Aidan Bennetts and his team of dedicated designers from AB Design were called upon to conceptualise this striking lunchtime eatery, in keeping with the design aesthetic of the sister-restaurant located in Loop Street, Cape Town.
“We worked together with Aidan to find the best solution for everyday practicality as well as creating a good-looking environment for our customers to be in,” explain the owners, mom and daughter team, Deirdre and Donnet Dumas. The brief was therefore to design and materialize a simple, sophisticated eatery where the public could come to enjoy scrumptious lunchtime fare in the city.
The new restaurant posed several design challenges, the first being the actual size of the commercial space. With limited floor space, the restaurant would need to house a fully functioning kitchen, barista area and seating. The brief was to maximise the small space without losing the integrity of the building and its classic architectural features. It also needed to remain aligned with the elegant ambience created by Maison Mara, a boutique fashion store located upstairs.
“The space is very small, possibly one of the smallest restaurants you would come across”.
Aidan Bennetts, Creative Director of AB Design, explains, “The space is very small, possibly one of the smallest restaurants you would come across”. As such, many of the interior elements needed to be custom-made to exact specifications in order to fit the space. According to the owners, efficient use of space was a priority. Successfully trouble-shooting the layout with the design team ensured that the right solutions were chosen and that the overall design achieved balance for staff and patrons alike.
The result is a layout that showcases a natural flow from the outside through to the heart of the restaurant. Round DeeDee tables were especially designed by Aidan and the seating area was made to extend outside onto the cobbled pavement, thereby enhancing the refreshing indoor-outdoor ambience of the café.
Simple and Sophisticated:
Each design element was selected on the basis that it added to the minimalist elegance of the restaurant. The hope was to achieve a simple and sophisticated space that could be enjoyed by the public. As such, all the design choices are pared-back and minimal with a focus on detail and finishing.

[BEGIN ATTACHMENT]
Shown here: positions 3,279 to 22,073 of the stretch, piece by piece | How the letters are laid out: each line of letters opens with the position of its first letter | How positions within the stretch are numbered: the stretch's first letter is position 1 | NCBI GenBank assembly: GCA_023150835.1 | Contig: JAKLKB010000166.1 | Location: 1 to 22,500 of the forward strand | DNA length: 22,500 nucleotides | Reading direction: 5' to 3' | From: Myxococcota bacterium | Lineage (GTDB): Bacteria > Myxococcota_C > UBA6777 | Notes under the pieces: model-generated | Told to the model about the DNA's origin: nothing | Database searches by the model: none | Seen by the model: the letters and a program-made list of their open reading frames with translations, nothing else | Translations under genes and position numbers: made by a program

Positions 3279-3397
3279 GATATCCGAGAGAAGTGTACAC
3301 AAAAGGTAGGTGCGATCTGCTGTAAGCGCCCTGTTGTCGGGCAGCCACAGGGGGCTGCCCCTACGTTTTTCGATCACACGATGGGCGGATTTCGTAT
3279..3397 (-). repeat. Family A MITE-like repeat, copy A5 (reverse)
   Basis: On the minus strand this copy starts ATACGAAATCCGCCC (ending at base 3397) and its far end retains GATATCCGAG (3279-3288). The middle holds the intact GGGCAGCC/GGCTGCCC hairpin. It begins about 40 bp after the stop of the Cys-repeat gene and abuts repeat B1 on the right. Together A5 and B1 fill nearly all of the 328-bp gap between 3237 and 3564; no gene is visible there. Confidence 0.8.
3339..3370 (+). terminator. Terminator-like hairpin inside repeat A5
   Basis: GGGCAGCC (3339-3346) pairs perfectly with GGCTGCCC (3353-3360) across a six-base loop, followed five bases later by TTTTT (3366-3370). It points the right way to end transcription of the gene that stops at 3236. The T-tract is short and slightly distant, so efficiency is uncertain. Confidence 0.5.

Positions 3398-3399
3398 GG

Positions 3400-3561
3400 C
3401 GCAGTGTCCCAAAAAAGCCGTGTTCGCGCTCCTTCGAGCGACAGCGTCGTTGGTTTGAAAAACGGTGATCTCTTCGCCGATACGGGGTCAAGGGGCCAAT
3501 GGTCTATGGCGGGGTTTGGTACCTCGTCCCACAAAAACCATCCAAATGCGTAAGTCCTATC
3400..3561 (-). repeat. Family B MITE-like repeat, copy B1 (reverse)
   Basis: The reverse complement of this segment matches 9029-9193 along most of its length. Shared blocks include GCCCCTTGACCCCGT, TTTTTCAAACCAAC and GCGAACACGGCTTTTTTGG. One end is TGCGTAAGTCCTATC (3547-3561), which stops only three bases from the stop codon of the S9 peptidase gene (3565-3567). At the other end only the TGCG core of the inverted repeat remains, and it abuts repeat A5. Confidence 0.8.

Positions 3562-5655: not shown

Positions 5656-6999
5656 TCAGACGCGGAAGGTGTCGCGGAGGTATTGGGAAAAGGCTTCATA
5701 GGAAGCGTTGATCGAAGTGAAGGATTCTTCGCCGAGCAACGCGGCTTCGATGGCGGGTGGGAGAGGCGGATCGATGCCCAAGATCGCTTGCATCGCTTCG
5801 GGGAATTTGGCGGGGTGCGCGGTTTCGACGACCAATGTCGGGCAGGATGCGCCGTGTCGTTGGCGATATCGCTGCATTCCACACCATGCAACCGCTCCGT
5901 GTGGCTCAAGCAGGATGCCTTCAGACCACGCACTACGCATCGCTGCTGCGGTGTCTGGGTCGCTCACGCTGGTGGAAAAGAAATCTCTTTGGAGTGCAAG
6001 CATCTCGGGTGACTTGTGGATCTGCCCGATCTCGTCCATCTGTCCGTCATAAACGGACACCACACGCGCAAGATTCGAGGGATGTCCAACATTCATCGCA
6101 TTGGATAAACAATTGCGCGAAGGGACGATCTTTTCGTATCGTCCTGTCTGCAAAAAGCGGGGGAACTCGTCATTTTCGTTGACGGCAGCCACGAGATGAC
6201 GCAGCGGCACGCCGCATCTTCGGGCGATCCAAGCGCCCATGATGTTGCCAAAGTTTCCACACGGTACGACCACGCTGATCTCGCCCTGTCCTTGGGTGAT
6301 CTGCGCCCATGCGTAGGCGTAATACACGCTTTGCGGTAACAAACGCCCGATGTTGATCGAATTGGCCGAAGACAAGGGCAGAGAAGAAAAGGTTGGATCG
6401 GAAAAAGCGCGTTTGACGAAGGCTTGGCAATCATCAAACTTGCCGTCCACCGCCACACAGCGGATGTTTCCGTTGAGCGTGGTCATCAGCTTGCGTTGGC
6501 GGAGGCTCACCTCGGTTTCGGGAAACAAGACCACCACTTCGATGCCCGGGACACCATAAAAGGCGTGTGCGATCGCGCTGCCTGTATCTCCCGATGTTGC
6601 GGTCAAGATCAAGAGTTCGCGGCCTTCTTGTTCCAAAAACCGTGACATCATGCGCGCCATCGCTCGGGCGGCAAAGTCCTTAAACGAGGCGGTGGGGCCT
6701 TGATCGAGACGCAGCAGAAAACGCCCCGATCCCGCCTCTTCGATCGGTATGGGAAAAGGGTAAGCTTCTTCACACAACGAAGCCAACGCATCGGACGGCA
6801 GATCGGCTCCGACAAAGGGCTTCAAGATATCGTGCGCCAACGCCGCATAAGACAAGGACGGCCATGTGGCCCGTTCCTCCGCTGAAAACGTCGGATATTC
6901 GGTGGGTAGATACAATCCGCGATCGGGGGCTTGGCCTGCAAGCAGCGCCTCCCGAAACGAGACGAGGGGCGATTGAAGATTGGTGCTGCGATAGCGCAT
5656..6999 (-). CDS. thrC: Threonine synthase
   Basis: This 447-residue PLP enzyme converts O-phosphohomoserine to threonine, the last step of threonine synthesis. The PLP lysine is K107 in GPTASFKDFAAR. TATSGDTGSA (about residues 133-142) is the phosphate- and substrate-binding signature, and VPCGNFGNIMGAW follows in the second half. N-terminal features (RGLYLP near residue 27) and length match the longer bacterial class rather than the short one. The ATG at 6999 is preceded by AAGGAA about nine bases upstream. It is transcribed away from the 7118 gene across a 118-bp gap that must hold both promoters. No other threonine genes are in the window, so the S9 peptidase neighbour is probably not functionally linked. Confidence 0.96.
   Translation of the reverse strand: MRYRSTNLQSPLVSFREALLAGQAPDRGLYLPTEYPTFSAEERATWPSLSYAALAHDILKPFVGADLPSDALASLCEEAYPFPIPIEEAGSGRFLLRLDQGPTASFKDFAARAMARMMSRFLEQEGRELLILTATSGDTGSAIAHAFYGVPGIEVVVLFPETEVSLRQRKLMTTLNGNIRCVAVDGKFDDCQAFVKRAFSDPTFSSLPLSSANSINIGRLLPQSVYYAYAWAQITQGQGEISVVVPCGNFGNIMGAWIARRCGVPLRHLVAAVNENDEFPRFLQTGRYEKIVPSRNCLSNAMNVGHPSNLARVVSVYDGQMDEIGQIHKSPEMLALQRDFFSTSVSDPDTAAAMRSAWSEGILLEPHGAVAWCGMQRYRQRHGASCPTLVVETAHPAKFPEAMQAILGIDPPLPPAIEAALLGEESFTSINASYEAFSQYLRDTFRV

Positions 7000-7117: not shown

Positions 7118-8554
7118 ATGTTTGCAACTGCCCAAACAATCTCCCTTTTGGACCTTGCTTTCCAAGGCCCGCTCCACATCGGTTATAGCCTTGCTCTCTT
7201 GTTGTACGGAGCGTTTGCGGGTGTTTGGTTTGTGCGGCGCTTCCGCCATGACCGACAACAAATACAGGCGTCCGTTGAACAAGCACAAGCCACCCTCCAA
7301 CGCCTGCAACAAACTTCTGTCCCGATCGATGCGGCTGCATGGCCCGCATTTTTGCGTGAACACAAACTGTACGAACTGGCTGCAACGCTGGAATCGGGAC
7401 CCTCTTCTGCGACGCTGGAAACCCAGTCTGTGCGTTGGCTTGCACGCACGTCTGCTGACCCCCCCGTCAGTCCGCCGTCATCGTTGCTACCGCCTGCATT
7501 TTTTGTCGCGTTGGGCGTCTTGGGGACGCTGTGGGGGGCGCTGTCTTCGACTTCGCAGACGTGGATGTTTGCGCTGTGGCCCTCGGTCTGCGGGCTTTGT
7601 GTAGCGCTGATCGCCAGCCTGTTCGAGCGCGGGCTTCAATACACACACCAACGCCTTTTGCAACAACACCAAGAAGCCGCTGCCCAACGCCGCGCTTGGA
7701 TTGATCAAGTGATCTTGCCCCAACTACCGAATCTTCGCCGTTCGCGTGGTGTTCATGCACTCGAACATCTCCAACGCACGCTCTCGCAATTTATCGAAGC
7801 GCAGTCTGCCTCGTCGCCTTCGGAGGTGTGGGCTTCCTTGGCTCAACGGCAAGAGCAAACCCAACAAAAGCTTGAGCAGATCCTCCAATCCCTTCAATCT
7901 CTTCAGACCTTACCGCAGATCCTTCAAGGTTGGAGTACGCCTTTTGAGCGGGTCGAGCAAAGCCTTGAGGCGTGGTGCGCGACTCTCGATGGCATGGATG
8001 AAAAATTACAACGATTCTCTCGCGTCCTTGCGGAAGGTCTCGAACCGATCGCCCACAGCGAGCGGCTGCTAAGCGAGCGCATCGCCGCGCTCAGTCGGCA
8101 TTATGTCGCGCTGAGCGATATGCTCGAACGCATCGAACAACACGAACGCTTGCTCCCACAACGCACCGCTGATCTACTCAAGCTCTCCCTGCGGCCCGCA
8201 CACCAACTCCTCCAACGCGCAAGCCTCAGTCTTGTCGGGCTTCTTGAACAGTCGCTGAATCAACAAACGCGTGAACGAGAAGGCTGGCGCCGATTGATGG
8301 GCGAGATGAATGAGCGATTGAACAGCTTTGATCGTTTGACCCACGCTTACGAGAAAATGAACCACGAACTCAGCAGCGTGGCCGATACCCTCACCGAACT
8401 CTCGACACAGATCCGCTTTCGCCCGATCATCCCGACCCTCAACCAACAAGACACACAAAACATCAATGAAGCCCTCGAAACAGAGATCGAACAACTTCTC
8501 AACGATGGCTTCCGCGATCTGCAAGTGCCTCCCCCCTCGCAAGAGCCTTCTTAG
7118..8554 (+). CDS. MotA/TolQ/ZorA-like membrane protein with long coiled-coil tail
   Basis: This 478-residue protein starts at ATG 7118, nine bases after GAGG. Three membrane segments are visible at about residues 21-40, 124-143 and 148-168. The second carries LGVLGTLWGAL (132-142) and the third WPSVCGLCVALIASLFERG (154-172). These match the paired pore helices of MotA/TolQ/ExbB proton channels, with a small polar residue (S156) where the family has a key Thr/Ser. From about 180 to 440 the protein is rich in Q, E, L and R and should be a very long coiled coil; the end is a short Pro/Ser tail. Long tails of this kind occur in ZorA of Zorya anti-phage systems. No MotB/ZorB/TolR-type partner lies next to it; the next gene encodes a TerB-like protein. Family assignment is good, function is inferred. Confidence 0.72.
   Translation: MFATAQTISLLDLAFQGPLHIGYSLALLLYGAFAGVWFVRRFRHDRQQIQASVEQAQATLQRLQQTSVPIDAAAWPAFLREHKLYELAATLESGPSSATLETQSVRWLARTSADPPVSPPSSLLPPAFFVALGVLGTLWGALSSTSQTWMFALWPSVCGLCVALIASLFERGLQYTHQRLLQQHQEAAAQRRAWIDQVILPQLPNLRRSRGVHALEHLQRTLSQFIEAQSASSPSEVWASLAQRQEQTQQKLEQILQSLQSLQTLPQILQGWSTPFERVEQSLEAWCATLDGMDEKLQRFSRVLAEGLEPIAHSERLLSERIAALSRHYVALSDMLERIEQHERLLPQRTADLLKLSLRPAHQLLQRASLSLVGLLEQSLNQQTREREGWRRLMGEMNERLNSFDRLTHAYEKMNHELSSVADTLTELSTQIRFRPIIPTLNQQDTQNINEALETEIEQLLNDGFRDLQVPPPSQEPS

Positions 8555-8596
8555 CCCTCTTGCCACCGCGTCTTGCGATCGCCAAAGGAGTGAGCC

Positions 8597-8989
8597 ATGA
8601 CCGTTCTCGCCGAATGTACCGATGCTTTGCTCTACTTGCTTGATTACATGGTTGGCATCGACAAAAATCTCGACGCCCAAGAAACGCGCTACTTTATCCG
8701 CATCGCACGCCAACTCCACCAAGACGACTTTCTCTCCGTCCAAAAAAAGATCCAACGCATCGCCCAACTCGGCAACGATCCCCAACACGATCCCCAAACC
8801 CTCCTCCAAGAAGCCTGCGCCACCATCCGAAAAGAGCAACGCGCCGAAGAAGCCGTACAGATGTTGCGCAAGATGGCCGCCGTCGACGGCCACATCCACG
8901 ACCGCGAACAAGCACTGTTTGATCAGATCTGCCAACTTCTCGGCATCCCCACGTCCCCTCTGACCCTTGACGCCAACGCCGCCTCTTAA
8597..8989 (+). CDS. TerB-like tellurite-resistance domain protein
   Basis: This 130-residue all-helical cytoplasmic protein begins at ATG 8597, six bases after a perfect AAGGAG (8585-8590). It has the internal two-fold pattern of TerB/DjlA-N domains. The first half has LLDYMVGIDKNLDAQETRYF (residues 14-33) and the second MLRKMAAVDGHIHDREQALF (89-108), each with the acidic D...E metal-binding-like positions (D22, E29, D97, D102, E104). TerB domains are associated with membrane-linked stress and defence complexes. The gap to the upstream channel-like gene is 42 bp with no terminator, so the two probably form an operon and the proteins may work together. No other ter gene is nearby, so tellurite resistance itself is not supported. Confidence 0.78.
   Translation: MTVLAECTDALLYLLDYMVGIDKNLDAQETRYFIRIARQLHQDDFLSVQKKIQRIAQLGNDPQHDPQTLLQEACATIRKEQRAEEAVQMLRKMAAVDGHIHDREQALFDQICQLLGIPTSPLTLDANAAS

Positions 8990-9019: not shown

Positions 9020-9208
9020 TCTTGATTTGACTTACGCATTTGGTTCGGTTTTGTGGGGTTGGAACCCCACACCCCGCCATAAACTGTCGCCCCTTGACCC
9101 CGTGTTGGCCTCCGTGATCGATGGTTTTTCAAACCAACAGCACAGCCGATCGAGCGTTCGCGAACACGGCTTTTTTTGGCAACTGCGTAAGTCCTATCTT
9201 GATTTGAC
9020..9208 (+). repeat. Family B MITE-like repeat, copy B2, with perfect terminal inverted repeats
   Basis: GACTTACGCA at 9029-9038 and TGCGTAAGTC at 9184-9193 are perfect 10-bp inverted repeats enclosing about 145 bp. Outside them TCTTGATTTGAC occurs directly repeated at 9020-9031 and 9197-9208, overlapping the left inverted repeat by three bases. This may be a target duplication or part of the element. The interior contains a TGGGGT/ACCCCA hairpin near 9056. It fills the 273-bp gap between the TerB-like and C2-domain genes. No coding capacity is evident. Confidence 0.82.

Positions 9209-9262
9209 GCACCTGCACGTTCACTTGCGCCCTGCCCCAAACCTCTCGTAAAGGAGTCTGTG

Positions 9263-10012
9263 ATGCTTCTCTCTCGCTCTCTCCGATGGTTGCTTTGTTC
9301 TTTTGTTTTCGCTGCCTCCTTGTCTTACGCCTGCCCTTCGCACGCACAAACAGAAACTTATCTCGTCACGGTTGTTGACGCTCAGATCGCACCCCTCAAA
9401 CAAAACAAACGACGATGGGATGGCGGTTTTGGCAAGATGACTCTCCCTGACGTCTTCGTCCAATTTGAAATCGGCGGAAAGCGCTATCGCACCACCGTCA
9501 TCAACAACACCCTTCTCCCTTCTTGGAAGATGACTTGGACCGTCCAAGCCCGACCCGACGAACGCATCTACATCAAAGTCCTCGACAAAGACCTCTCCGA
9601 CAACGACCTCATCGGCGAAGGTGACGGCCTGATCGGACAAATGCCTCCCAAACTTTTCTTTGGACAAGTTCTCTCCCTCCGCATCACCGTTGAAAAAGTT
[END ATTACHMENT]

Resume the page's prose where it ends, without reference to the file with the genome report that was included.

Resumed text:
Some of the interior highlights include:
- A new ceiling provides a facelift: The ceiling was previously covered in tatty old bamboo cladding, so this was stripped out and a new skimmed ceiling inserted with modern LED downlights.
- Sublime repurposed flooring: Inherited Turkish inspired polychrome tiles bring a level of vibrancy in colour and pattern to the space.
- Slate stone walls: The original interior stone walls were kept intact as a part of the beautifully restored historical building. It simply required a clean up and some preservation to enhance the natural qualities of the stonework. In the end, it is a wonderful addition to the completed space, bringing a depth of richness in tone and texture, as well as an earthiness and unrefined elegance to the eatery. Juxtaposed against white finishes, the stone walls become a beautiful feature here.
- A sophisticated, clean palette: All the finishes work together to create an elegant design aesthetic. A terrazzo solid stone top was added to the barista area, with some French-inspired panel cladding to the counter fronts in order to achieve a clean and interesting palette.
- Eclectic seating: The selection of mixed wooden seats adds a quirky vintage element to the design and further acta as a nod to the main branch on Loop Street.
According to the owners, the real highlight lies in the essence of the space. “The team managed to create a place that has its own unique character, while still holding firmly onto the Skinny Legs aesthetic.”
In the end, Skinny Legs Luxury Café offers a wonderful blend of classic and modern; historic and contemporary. The design is fresh and appealing, the food is packed with elegant flair, and the café takes on a wonderfully modern European feel with a hint of quaint history.